But don't hurt yourself out there at night! :dizzy:

Marcos
11-26-2007, 02:16 PM
I renovated the infield area in Sept. I aerated and then topdressed sand. The sand was drug into the holes with a mat drag. We have poor clay soil. I then powerseeded Midnight and Midnight Star (I think that was the variety) Ky bluegrass. I added a 10% per ryegrass blend. (Grey hawk I believe it was called) This did well but we had no rain in Sept and Oct. We have irrigation but it doesn't compare to rain. The turf was in terrible shape before this was done. I have a few thin spots and I'd like it all to be thicker. To keep the crabgrass from coming back. I have very little thatch. I've been mowing at
3".

(If you can post a couple of 'broad angle' pictures on here, it may help.)

Here's what I would do, based on what you've given me so far:

Go to ntep.org and find the seed you want.
This site lists all of the turf grass seed tested for various strengths and weaknesses at all different college campus ag department turf sites all over the country. And it's the best over all comprehensive way to pick and choose grass seed.

Hints:
Choose 'bluegrass' and 'Lexington KY' as your test site
You'll then see the list of seed varieties.
A rating of '9' is best. And it goes down from there.
But don't get too excited about the differences between a '8.6' and a '8.4', for example, because the tolerances in the testing are so small that there are usually no noticeable differences between two that close together.

Then see if you can find some of those varieties of bluegrass from a vendor around you. (ideally 2 to 3 varieties blended)
Without seeing your field, I can't say for sure. But a safe bet for dormant seeding bluegrass is 2# / 1000 sq ft, or about 1 1/2 bags to two bags an acre.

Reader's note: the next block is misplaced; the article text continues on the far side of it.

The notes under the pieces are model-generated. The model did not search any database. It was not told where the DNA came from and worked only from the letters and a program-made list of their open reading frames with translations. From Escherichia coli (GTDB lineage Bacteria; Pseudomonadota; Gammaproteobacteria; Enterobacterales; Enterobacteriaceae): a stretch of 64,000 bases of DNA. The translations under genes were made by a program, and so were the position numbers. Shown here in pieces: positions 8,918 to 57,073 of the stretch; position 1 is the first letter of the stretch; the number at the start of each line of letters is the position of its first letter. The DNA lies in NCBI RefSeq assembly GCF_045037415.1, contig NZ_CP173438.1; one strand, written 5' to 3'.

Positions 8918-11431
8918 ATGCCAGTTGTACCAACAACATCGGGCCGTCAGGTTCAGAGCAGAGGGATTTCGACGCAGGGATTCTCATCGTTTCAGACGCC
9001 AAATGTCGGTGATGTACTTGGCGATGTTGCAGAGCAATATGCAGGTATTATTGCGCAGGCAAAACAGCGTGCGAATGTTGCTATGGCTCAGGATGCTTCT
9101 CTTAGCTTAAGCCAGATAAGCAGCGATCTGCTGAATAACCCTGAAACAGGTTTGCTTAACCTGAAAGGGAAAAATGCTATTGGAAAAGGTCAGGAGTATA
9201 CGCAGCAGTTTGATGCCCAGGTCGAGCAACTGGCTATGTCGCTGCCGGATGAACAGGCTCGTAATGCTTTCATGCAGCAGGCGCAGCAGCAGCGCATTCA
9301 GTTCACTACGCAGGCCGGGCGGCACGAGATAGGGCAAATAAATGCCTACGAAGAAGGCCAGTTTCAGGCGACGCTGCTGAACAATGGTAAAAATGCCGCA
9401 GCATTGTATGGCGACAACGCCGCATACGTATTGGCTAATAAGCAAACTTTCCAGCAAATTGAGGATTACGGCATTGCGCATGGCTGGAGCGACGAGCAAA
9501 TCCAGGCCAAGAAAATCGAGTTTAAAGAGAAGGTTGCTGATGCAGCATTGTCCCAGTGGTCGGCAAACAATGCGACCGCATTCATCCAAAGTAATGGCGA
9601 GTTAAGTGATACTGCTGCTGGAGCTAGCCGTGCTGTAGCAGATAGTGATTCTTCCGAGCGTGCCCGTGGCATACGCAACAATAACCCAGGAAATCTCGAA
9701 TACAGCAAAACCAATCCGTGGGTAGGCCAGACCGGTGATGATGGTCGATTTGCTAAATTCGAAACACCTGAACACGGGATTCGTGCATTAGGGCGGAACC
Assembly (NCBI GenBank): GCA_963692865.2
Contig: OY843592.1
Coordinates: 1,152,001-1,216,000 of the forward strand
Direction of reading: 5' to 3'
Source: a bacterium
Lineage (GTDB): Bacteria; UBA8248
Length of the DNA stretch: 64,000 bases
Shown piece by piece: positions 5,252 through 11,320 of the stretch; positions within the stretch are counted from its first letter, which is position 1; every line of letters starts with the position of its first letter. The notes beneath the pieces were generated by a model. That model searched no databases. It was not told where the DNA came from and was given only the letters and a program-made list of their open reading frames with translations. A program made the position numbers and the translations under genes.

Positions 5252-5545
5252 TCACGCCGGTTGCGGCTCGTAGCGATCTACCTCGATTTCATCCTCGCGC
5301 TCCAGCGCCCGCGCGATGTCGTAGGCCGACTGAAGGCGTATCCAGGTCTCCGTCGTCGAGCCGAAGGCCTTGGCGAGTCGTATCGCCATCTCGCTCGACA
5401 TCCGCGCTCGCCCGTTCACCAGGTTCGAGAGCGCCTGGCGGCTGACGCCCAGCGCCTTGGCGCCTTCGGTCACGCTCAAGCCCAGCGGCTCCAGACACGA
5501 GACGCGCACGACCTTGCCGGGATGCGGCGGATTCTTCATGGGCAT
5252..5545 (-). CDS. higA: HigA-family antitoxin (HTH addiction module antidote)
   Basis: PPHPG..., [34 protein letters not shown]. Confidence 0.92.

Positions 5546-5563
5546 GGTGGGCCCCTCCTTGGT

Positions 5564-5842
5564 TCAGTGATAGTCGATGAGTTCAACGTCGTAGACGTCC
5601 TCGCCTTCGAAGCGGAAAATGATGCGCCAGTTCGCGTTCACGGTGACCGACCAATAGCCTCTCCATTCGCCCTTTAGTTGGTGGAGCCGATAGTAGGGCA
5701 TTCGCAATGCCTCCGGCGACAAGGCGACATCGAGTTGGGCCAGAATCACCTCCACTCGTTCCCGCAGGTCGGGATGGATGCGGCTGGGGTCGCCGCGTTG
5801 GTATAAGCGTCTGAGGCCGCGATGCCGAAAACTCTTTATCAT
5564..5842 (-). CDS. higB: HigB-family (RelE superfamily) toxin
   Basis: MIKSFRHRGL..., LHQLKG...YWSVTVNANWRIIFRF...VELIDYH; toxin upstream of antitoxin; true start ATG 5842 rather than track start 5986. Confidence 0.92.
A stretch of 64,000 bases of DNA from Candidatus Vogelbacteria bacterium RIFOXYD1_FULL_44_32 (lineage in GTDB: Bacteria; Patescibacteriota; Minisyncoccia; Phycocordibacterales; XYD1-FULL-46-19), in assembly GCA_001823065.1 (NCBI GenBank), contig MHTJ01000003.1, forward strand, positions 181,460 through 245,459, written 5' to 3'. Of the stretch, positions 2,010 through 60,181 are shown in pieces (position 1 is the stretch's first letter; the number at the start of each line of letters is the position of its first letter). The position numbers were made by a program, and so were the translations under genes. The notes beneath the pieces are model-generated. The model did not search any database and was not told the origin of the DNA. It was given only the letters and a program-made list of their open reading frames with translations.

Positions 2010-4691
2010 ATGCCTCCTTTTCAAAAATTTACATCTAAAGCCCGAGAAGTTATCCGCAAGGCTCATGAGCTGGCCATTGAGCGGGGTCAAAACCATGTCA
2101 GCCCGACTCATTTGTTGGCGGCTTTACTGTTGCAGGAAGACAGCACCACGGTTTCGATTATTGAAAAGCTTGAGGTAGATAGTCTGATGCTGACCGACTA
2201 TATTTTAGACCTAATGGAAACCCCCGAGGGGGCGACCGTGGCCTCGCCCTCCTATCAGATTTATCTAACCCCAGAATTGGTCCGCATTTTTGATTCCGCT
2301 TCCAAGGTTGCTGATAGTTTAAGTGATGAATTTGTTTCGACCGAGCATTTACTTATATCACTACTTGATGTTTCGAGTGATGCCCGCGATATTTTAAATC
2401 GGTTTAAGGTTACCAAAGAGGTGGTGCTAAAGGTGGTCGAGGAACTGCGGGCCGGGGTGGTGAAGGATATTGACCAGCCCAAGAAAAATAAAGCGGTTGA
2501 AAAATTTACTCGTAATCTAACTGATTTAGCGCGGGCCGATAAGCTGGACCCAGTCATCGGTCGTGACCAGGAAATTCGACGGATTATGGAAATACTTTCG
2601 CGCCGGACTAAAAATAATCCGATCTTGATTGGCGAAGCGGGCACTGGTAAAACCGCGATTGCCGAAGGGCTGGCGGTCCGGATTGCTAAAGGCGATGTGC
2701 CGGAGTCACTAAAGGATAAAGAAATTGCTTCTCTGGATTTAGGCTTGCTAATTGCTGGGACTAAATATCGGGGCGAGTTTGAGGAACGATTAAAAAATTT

I wouldn't recommend using ANY ryegrass in your dormant seeding.
Your existing turf is your 'nurse' grass. And you obviously have a flat setting.

Don't fertilize until after you see some germination in the early-mid spring, and then use something high P like a 16-26-12 at at least 200# / acre.

Prep work:

Make sure your mower blades are good and sharp, and then lower the mower height from the present 3" down to about 2 1/4" to 2 1/2" and mow the areas thoroughly.
(You may want to double -cut; once at 2 1/2" and the second time the other direction at 2 1/4")
Try to mulch everything up well, if you can't pick up the clippings.

Then seed before the freeze...
If you want to do it during the full moon, have fun! Send pictures!
But don't hurt yourself out there at night! :dizzy:

beaglegun
11-28-2007, 11:23 AM
You can see the thin spots if you look close. They're hard to see from the angle.

http://www.lawnsite.com/showthread.php?t=186130&page=3

Marcos
11-28-2007, 12:30 PM
You can see the thin spots if you look close. They're hard to see from the angle.

http://www.lawnsite.com/showthread.php?t=186130&page=3

Not bad!

I was expecting to see something MUCH more desolate!
I wish the 'thin spots' on my head were as thick!:laugh:

You'll be fine... :waving: